Ethnoherpetology

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Ethnoherpetology is the study of the past and present interrelationships between human cultures and reptiles and amphibians. It is a sub-field of ethnozoology, which in turn is a sub-field of ethnobiology. Snakes and amphibians have been considered chthonic creatures in many cultures. Richly represented in mythology, culture, art, and literature, they often evoke revulsion, fear, suspicion and awe, sometimes even hysteria. Frogs and toads were believed to announce the rains with their choruses.

See also[edit]

Bibliography[edit]

  • Indraneil Das – The Serpent's Tongue: A contribution to the ethnoherpetology of India and adjacent countries (Frankfurt am Main: Edition Chimaira, 1998)
  • Walsh, M.T. – Snakes and Other Reptiles in Mtanga: preliminary notes on ethnoherpetology in a village bordering Gombe Stream National Park, western Tanzania. (1997)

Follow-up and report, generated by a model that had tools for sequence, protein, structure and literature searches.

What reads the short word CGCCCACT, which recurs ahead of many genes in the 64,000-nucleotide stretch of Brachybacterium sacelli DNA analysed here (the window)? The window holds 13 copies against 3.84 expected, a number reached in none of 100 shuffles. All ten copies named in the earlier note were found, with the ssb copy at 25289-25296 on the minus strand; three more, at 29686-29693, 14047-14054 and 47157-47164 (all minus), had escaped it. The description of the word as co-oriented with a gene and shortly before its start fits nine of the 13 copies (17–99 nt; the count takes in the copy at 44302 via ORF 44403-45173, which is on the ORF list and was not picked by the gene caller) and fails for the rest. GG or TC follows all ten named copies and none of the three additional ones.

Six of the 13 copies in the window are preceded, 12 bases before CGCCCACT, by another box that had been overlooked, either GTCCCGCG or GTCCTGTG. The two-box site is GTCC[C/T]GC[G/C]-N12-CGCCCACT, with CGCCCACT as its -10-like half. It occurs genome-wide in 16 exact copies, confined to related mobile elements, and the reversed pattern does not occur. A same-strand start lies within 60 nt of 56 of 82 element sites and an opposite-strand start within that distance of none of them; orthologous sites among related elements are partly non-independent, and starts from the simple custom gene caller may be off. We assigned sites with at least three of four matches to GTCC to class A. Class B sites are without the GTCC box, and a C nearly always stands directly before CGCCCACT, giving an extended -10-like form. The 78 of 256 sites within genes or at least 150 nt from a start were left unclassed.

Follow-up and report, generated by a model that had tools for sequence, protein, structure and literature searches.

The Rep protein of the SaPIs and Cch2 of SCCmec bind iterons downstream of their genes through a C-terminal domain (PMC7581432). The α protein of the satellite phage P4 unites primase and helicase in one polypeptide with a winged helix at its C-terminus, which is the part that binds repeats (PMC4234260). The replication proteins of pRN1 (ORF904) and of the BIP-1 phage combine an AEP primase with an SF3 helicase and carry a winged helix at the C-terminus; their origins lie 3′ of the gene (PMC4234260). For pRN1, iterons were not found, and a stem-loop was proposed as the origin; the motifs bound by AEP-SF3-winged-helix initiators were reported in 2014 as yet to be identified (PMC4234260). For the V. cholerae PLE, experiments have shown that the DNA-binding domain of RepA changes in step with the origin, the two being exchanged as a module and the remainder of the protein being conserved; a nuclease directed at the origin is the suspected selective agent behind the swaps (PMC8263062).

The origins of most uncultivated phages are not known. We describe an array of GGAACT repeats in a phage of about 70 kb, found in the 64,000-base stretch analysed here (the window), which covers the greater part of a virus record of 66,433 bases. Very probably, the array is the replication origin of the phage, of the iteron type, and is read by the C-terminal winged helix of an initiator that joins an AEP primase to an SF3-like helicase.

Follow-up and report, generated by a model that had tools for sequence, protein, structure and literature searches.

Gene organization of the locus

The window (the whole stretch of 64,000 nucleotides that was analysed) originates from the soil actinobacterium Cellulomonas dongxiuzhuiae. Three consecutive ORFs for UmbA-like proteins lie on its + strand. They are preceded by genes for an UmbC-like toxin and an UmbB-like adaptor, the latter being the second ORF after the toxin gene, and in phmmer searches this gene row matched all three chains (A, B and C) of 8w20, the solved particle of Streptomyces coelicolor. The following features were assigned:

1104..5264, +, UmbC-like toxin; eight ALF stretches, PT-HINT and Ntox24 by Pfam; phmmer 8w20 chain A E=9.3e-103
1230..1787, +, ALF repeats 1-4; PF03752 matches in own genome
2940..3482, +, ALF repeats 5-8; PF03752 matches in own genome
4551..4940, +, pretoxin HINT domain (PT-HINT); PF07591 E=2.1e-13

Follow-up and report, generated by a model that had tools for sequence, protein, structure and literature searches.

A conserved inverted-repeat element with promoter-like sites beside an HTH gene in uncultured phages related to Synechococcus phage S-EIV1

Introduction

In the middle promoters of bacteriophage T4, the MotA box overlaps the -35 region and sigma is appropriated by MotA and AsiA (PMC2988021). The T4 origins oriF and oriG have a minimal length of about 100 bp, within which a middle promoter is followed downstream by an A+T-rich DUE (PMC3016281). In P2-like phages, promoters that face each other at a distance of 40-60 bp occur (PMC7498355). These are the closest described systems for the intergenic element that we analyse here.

• Bertrand, H. – Contribution à l'étude de l'herpétologie et de l'ethnoherpétologie en Anjou (A study on the herpetology and ethnoherpetology of Anjou province)
  • Lee, J. C. – Ethnoherpetology in the Yucatán Peninsula. In Amphibians and Reptiles of the Yucatán Peninsula, by J. C. Lee. Ithaca, NY: Cornell University Press, 1996.

An example of indigenous ethnoherpetological knowledge – notes written by a Bukusu-speaking research assistant from western Kenya: